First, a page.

Anyone dropping into politicalbetting.com today would be convinced that aliens had infected the human race with the insanity virus. The ongoing "Hackgate" scandal has developed a life of its own and despite few new developments, it remains the main topic for conversation and what passes for debate on what used to be an enjoyable site.
Politically, there has clearly been damage to David Cameron and the Conservatives. Cameron's relationship with former News of the World Editor Andy Coulson was useful at the time - it clearly helped Cameron win the critical support of Murdoch and his newspapers and the interconnection of relationships between the top levels of Cameron's inner circle and senior members of News International played no small part in the Conservative success of 2010.
However, Coulson clearly came with a health warning and there's no doubt certain people said this at the time to David Cameron yet Cameron chose to appoint Coulson clearly because his value to him and the Conservative Party outweighed the risk.
Once in office, Coulson was abandoned but as the scandal has exploded, the judgement of Cameron in appointing Coulson and having him as close to the centre of power has been called in question. Does it seem unwise now? No, it wasn't an error of judgement as some have described - it was a calculated act designed to help the Conservatives win the election and Cameron to become Prime Minister.
Yet suppling with the Devil requires the longest of spoons and while I certainly can't see a smoking gun which will bring him down, Cameron's actions with Coulson are so reminiscent of Blair's with Bernie Ecclestone. It was the use of influence to win the reality of power.
Beyond that, we are seeing the laying-bare of a political culture which has flourished in the past 20-30 years under successive Governments based on a triangle of politicians, press and police at each apex and the flow of information in the middle.
Knowledge is power and the acquisition, manipulation and dissemination of that knowledge is central to how the modern political world operates. In the 1980s and 1990s, the influence of powerful media editors and owners, at a time when circulation figures suggested the not-inconsiderable power newspaper proprietors and their editors had on public opinion, was sought by Conservative and Labour politicians alike.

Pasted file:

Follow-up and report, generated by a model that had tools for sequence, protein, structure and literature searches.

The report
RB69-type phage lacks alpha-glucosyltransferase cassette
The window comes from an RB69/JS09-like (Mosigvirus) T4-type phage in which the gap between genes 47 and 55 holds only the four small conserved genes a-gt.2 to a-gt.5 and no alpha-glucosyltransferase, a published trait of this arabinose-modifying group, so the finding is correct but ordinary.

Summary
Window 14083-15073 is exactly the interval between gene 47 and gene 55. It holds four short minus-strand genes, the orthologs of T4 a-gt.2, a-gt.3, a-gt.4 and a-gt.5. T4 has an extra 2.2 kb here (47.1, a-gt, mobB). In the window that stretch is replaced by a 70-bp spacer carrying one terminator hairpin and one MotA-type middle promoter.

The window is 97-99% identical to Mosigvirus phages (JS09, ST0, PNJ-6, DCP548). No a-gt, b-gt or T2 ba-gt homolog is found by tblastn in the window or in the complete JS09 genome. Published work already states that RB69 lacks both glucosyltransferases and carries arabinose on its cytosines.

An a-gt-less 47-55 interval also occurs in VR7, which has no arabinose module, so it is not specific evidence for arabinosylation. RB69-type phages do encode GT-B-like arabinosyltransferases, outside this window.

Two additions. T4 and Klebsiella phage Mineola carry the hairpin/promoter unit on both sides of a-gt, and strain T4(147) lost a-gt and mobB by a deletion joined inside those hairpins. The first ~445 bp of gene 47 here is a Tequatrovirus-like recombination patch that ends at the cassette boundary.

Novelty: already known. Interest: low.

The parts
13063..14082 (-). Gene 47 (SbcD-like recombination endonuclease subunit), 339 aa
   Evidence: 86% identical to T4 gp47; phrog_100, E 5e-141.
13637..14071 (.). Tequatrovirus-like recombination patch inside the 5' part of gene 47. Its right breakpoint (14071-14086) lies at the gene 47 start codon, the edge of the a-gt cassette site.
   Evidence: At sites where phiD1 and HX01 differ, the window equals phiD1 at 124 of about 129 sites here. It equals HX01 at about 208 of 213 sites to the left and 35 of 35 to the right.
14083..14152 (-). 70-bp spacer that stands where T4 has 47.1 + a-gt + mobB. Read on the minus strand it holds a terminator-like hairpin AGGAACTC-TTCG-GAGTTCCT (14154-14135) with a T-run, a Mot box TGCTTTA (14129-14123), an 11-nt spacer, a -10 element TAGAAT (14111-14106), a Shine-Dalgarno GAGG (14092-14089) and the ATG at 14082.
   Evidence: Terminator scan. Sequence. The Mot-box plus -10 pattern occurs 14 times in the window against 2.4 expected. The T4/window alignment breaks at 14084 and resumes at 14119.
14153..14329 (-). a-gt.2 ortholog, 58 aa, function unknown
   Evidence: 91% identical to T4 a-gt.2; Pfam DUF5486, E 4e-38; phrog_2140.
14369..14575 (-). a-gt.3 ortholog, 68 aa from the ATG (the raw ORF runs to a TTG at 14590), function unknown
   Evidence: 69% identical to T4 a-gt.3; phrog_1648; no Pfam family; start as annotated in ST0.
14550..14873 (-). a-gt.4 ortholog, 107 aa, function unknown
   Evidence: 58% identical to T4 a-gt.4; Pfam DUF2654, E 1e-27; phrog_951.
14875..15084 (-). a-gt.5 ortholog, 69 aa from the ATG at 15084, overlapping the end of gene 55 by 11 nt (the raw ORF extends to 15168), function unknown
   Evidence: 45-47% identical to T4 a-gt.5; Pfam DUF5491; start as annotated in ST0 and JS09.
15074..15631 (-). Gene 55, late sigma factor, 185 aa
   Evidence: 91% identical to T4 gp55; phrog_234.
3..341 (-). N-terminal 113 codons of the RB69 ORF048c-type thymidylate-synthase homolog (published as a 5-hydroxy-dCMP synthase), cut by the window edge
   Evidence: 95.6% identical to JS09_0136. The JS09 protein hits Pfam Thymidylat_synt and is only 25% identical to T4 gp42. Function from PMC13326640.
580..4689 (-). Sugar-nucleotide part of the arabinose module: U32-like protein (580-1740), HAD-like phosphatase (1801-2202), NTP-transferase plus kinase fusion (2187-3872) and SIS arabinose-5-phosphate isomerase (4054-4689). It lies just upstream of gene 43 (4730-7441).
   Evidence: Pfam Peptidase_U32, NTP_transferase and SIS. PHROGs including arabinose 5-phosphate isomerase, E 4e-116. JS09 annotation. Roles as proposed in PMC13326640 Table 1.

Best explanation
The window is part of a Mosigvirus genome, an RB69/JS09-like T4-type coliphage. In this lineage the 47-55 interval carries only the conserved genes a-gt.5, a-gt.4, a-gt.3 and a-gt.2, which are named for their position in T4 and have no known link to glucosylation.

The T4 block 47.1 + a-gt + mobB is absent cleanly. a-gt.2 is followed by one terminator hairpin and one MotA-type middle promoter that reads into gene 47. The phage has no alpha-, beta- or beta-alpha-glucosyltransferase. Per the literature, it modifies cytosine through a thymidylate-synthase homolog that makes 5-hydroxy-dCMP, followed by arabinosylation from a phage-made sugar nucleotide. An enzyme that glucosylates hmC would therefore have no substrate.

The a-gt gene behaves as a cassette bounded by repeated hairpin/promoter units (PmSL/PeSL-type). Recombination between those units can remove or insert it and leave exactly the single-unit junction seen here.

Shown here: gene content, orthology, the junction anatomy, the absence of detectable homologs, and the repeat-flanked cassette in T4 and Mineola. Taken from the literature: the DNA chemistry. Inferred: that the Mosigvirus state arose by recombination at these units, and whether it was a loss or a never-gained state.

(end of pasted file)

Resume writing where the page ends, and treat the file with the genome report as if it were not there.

The Thatcher years were bolstered by a phalanx of supportive newspapers but once she went, the support of many of these newspapers ebbed away. David Cameron sought to rebuild that influence and win the greatest prize, the support of News International, but journalists themselves, eager to outdo each other to get exclusives to boost circulation, began to move into darker areas.
The advent of mobile phones offered a fantastic opportunity for eavesdropping and hacking on a scale previously not available. Those seeking the information were bolstered by editors and owners who saw circulation figures as being dependent on the salacious, the innuendo and the elevation (and destruction) of celebrities.
And we lapped it up and didn't care if holiday snaps or texts or phone calls were obtained but with Milly Dowler, a line was crossed.
Politicians were too close to journalists and journalists too close to those who obtained information through dubious means and elements of the Police who turned a blind eye or were actually complicit in the obtaining of this information.
The need to weed out corrupt or criminal elements in the Police and among journalists is now paramount and it is to be hoped ongoing investigations will accomplish this but the relationship between politicians and journalists and the media in general needs to be reviewed and overhauled.
It's fascinating to watch those on the Right arguing against press restrictions and claiming a "free" press would be at risk. We do not of course have a free press in this country. Media power is not derived from Government but it comes from wealth. The wealthy control the media and it is the opinions of the wealthy (who usually favour the Right) which predominate and populate. The Right rail against balance because they enjoy majority opinion - a more level playing field with a greater plurality and diversity of opinion would dilute them and weaken their political and economic leverage.
Plurality won't be easy and a balance has to be struck. A new culture needs to emerge from the wrckage of the old and relationships must change and be seen to change. A robust, diverse Press holding those in power to account is to be welcome. It did exist here once but we moved away from it. Recapturing that world won't be easy but sometimes the past is a good place to start building the future.
As for the politics, Blair was contrite when the Ecclestone/F1 story got out and still won two more elections. Nothing yet will stop Cameron winning again in 2015 but part of his aura of invincibility has been shattered and things will never be the same again.